Hong Kong and China soon began to enjoy the benefits of the colony’s participation in the modernization of China. Hong Kong entrepreneurs were able to provide expertise and capital for joint venture projects on the mainland, since there were close ties between the two lands due to linguistic, cultural, and geographical similarities. As a result of this improvement in communication and collaboration, the PRC increased and changed the types of investments it made in Hong Kong. For example, in the 1970s investments in Hong Kong were mainly centered on transport, shipping, finance, and distribution. By the early 1980s, investments began to include a cigarette factory, real estate businesses, department store chains selling mainland products, printing presses, periodicals, gas stations, and a big trading organization called China Resources, which organized Chinese trade through Hong Kong. Furthermore, there were also many banks and insurance companies that were joint ventures with Hong Kong investors. In fact, between 1976 and 1981, the value of Hong Kong’s domestic exports to China multiplied 120 times, and the number of Chinese goods reexported from Hong Kong—now China’s “door to the world” because of its trade with Western and other Asian countries—comprised 31 per cent of the territory’s total in 1981 (Lane 88-89). Clearly, both sides were enjoying a significant increase in trade as a result of Hong Kong’s decision to help China reach its goal of modernization.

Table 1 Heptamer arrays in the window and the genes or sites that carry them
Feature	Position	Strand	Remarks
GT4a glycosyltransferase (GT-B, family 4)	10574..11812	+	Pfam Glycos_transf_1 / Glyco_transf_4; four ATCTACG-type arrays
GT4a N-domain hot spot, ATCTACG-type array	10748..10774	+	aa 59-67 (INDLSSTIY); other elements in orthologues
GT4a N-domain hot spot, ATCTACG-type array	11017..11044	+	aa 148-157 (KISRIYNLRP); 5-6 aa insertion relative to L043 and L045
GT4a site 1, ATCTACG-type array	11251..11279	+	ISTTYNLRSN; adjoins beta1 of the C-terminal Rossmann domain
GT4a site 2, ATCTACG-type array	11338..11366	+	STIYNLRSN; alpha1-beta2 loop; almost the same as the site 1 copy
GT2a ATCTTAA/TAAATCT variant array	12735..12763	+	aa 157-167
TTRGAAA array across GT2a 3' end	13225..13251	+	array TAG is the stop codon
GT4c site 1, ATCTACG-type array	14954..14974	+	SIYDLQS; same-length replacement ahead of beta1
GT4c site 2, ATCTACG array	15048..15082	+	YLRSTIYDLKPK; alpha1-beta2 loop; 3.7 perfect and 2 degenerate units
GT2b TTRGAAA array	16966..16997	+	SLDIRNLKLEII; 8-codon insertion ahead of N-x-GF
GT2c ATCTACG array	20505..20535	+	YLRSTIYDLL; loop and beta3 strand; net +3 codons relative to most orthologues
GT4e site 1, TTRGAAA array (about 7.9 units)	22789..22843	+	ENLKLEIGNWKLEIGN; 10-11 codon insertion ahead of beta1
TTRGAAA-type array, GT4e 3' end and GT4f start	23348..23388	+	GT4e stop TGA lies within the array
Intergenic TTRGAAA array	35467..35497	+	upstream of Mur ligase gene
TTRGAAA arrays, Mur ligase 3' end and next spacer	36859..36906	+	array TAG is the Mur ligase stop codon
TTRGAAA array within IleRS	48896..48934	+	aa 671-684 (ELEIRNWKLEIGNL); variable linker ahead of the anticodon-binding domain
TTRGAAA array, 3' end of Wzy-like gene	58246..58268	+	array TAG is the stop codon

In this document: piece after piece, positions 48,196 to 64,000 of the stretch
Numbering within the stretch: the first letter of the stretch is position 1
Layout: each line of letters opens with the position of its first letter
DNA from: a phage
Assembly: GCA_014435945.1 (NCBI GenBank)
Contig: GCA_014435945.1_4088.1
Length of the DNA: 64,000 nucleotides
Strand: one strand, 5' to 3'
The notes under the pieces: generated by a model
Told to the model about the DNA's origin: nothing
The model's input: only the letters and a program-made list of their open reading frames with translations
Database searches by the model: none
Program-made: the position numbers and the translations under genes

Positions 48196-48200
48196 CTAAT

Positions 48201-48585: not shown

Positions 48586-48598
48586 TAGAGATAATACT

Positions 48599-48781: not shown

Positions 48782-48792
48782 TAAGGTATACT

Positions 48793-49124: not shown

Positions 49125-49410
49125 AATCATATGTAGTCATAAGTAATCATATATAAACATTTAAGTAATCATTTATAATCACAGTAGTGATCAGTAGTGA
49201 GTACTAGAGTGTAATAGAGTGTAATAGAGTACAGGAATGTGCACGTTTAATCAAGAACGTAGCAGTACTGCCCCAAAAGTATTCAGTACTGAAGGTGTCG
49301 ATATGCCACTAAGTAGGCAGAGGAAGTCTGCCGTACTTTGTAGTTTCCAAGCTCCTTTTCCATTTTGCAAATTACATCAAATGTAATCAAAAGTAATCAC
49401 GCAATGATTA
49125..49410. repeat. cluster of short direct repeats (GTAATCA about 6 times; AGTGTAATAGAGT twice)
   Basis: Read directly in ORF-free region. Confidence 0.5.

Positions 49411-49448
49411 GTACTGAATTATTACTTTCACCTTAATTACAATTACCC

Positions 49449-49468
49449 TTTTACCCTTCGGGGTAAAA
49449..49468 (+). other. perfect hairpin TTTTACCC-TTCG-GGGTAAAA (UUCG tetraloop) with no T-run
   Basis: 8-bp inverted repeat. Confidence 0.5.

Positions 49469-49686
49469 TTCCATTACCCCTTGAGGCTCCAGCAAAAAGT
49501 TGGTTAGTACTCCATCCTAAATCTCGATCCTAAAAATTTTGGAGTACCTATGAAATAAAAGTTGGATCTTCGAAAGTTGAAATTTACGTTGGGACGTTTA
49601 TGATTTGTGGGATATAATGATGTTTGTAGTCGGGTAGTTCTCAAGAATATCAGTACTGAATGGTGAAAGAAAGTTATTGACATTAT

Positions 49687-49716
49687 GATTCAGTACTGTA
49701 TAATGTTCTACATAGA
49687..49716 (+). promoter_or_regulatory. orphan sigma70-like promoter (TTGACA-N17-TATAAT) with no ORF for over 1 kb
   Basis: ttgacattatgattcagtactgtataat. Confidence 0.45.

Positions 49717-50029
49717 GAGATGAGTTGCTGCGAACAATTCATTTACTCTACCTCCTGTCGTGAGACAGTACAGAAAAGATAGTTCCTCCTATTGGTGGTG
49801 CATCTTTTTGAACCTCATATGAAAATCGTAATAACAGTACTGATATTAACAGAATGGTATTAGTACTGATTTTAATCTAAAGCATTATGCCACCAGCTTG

In addition to profiting from Hong Kong’s entrepreneurship, China’s desire for respect from the international community was another reason why Deng and the PRC decided not to disrupt the status quo with England and Hong Kong. Because of China’s interest in improving its economy through modernization and increased trade, the Chinese wanted to show the world that the Communists could be “responsible” by not allowing the British control and presence in Hong Kong to slow down the development of Sino-British relations. Relations with the United States also improved when Americans saw the change in Chinese willingness to welcome foreign assistance and investment of technology, expertise, and capital. This peaceful strategy of improving foreign relations without allowing the “Hong Kong question” to interfere was an astute strategy, especially since Western nations would have likely condemned China if the Chinese had tried to reassert sovereignty over the colony. However, the Chinese knew such “aggression” could have damaged more important foreign policy goals, such as increasing foreign trade. Hence, by acquiescing to the British government’s control in Hong Kong, China avoided any unnecessary and potentially damaging international disputes while simultaneously reaping the benefits of increased trade.